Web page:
I think at this point, no other commercial vehicle manufacturer can match the type of offering that we have from bottom to the top.

Daimler entered the market nearly six months ago, how has the competition been so far?

We are not afraid of the competition, because we are ready for it and we had foreseen that it would come. The only thing I can say is that in the last financial year, despite the competition, we gained three percentage points in market share. Apart from our new products, we have spent a lot more time improving our network. Today, our touch-points in the North are greater than what we have in the South!

North, South, East, West… Ashok Leyland has a service capability throughout the country. In this industry, the customer looks out for the fact that whether he goes from Chennai to Delhi, if his vehicle breaks down, someone is there to support him. And that’s what we can offer today.

Discounts seem to have dragged this industry down, with Ashok Leyland now refusing to play that game. Is there now a tactical understanding among players to allow this to taper off due to profitability issues?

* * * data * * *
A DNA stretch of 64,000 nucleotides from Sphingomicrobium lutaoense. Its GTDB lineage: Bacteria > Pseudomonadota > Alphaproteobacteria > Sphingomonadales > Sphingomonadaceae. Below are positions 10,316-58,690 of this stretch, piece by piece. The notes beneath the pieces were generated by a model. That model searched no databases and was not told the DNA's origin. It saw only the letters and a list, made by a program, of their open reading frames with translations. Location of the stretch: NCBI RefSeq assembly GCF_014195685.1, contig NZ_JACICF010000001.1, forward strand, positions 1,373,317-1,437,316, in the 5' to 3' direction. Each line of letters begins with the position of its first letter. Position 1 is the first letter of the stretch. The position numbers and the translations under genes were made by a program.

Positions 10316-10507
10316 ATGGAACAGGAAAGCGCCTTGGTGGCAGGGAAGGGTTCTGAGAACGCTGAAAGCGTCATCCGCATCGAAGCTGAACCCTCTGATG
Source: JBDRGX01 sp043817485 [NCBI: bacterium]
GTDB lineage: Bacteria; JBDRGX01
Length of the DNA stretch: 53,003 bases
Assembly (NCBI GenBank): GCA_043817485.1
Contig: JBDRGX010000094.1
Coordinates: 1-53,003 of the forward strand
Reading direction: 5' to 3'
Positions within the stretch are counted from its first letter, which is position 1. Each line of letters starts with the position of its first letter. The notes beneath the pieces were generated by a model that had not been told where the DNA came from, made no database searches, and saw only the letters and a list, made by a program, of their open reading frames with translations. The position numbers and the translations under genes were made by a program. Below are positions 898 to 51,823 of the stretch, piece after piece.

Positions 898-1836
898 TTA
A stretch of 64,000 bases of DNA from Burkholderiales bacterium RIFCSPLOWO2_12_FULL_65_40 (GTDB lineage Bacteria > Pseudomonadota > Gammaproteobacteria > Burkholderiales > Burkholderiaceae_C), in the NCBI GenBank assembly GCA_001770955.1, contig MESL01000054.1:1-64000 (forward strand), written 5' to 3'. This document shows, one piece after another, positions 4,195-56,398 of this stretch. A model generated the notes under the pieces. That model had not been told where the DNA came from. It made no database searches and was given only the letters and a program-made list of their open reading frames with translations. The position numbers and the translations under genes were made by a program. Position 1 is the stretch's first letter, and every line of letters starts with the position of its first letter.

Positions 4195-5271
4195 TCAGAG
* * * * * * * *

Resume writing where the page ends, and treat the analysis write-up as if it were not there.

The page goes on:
I don’t think there is any tactical understanding, because every company is doing whatever it feels appropriate. We just felt it no longer made sense to be squeezing our margins even further by giving these levels of discounts. Yes, it could mean a few percentage points drop in market share, but I think that will be very temporary.

Why will it be temporary? This is because you entice somebody to do a one-off buy, but, in the long-run, I don’t think any manufacturer can sustain this kind or level of discounts that we are seeing. So it’s been going on for the last three-four months… we have cut back. I think that if others pursue that strategy [cutting back on discounts] as well, it will be better for all of us and for the whole industry.

With the new defence procurement policy, which comes with more domestic sourcing, and the relaxation of FDI in defence, how will this play out for Ashok Leyland?

Well, I’m not giving you a direct answer, but the whole objective for Ashok Leyland is that we have to move away from these cycles that we experience. So the LCV is one extension, construction equipment is another, and defence is one as well.